I bought Silas one of those Whistle dog activity trackers. If you haven’t heard of these, they’re like a dog Fit Bit. They use an accelerometer mounted on your dog’s collar to tell you how much time per day your dog spends moving. (I paid for this myself. Why does nobody ever ask me to review things I actually want?) I think this makes me the biggest yuppie in the history of the world, but whatever.

Any day now, I’m expecting the founders to e-mail me and say “Umm, did you really install that correctly?”

Because Silas doesn’t go on walks of any duration (his grand sidewalk excursions, of which we are mega-proud, last about two minutes, and we’re just now making real headway on the car thing), I set his goal at thirty minutes a day.

In almost a week, he’s hit this goal one time, although in my defense he’s gotten close on a few other days. The app suggested that most dogs his size get at least an hour.

I have a few theories kicking around about what’s going on:

1) Because we’ve been virtually housebound for months now, Silas is out of shape and lazy (like me). Or, he’s just adapted to our easy-does-it lifestyle.

2) When I trained him not to pester me with a toy all the time, I did it too thoroughly. Because he’s not pestering us, we assume he doesn’t want to play. Evidence for this one: he’s quite happy to engage if I get up and grab a toy.

3) Age and wisdom. I think three is a little young to slow down quite this much.

4) Boredom.

5) Summer is brutal.

6) Over-medication. I’m hesitant to blame his medication, not only because he’s been at this dose for a while but also because he is quite perky when he’s not asleep.

7) Last week was atypical. Which it was–I trimmed his nails twice and he went on two car rides, both of which are the kind of mental stress that disproportionately wears him down.

8) Our indoor play is a lot more vigorous than a leisurely trot around the neighborhood. Since, unlike the people trackers, the dog tracker only measures moving time, short bursts of intense exercise aren’t rewarded. I’m not sure what the appropriate conversion metric would be.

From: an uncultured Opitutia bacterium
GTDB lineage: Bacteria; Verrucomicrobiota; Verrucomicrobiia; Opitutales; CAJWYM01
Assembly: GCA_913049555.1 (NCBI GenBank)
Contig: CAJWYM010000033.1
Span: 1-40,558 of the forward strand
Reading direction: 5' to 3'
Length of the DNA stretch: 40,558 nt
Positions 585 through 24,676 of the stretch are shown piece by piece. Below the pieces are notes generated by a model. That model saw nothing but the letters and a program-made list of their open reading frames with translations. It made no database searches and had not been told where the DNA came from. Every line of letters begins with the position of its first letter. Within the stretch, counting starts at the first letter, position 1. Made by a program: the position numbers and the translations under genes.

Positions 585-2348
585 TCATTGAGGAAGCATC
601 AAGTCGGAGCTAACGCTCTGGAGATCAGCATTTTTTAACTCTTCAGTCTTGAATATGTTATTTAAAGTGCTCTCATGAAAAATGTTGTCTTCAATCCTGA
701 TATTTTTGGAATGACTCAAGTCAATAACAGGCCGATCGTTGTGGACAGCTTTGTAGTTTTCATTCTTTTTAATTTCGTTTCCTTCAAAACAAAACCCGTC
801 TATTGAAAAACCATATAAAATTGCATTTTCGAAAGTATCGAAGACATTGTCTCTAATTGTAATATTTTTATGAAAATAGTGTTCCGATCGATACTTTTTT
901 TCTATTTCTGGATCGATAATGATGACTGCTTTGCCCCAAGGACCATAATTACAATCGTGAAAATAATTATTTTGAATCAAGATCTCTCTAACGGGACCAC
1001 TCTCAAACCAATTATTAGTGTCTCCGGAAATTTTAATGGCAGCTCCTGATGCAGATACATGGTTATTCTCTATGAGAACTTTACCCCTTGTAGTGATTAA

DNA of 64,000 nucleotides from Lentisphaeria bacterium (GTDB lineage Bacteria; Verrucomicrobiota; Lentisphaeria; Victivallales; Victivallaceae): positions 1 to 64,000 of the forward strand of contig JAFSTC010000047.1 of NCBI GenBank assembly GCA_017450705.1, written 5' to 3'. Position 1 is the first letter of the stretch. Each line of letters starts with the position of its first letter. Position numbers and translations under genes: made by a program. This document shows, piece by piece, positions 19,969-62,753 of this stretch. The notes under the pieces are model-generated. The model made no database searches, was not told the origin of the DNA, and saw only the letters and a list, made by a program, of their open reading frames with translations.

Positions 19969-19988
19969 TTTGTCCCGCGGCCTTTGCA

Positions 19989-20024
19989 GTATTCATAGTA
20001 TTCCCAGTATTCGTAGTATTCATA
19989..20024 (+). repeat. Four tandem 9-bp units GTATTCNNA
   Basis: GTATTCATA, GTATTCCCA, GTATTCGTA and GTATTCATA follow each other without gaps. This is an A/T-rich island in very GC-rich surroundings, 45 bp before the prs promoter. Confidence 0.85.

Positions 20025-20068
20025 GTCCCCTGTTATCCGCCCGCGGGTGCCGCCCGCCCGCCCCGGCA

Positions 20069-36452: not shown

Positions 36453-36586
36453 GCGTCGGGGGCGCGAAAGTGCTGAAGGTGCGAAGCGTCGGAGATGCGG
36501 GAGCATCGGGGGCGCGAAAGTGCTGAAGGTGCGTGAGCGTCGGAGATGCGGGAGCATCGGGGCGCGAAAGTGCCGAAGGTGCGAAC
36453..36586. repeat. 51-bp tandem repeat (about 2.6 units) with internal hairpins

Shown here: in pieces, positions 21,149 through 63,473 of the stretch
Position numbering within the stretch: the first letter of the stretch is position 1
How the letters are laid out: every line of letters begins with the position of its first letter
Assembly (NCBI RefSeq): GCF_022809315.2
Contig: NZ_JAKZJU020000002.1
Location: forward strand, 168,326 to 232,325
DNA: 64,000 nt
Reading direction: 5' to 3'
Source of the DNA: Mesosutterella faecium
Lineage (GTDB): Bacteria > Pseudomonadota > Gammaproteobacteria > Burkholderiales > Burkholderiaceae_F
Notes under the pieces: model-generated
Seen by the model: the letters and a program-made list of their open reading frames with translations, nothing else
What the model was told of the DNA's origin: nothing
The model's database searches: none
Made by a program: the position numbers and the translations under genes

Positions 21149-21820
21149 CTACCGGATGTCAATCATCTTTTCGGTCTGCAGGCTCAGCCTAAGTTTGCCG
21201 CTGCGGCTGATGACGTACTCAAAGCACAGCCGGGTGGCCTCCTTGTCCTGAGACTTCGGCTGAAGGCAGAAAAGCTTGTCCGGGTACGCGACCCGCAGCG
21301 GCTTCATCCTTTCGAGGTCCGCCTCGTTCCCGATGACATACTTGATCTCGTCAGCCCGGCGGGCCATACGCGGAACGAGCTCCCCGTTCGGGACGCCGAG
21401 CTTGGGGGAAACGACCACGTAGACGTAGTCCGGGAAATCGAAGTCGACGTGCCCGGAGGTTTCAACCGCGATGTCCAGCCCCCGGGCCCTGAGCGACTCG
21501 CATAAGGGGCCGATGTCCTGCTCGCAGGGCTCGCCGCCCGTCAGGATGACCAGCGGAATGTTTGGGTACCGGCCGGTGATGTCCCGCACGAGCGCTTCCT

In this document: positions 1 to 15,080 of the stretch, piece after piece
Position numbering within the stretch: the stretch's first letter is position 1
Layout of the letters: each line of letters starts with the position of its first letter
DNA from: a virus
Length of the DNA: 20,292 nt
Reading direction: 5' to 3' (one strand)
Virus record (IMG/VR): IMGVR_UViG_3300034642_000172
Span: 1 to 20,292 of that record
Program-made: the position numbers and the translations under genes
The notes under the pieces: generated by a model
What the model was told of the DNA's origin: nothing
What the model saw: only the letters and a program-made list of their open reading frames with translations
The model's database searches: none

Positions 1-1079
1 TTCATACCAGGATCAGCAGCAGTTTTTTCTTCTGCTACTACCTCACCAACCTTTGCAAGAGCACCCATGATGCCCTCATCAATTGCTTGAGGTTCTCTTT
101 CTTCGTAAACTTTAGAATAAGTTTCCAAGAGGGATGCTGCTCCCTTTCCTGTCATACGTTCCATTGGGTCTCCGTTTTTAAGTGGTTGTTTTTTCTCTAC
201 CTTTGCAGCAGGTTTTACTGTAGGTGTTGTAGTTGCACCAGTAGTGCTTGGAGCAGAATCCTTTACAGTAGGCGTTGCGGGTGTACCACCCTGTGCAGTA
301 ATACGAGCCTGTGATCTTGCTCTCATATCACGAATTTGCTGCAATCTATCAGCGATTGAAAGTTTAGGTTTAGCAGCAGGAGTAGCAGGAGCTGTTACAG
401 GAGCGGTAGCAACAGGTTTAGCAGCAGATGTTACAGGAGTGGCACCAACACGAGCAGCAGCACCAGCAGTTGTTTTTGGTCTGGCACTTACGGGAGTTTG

I’m going to keep an eye on him for a little longer before I start to get really worried. In the meantime, how active is your dog?

I go out of town for five days, and this is what I get

Every year in August I go back home to take my nephew out for a fun day before school starts. This year I went slightly early, and I didn’t take Silas.

The whole thing was a little last minute, for complicated but very mundane reasons.

Silas was, ostensibly, fine. Separation anxiety is not one of his many problems, for which I am deeply thankful. He greeted my husband happily every evening, they played, the usual stuff.

Nothing seemed the least bit off when I got home on Friday. Then, Silas was outside alone when my neighbor came home on Monday night. He barked a few times. He almost always barks a few times at this. Our last neighbors left the house vacant for a few months, and he’s never forgiven the new neighbor for moving in. I went out an collected him, as I always do, because I don’t want to be “those people.”

That’s when I noticed that something was different. Silas has always settled right back down after these sessions. Unless there’s a cat or a squirrel, as soon we we’re back indoors he’s normal again. This time he paced, and whined, and barked. He would calm down for a minute, and then he would gradually work himself back up to full-on barking. I would move him away from the door, he would seem okay, and then he would start barking again. In desperation, after ten minutes of this, I put him in his crate, where he finally settled down. This whole thing had me deeply confused. He hadn’t even been really upset outside; just garden-variety alert barking.

What's going on?

Then the same thing happened Tuesday morning, except Silas wasn’t outside. He saw something, probably a bird, started to bark at it, and then he barked off and on for at least twenty minutes. Even when he was finished barking, he wanted to lie down facing the patio door, where he could see out.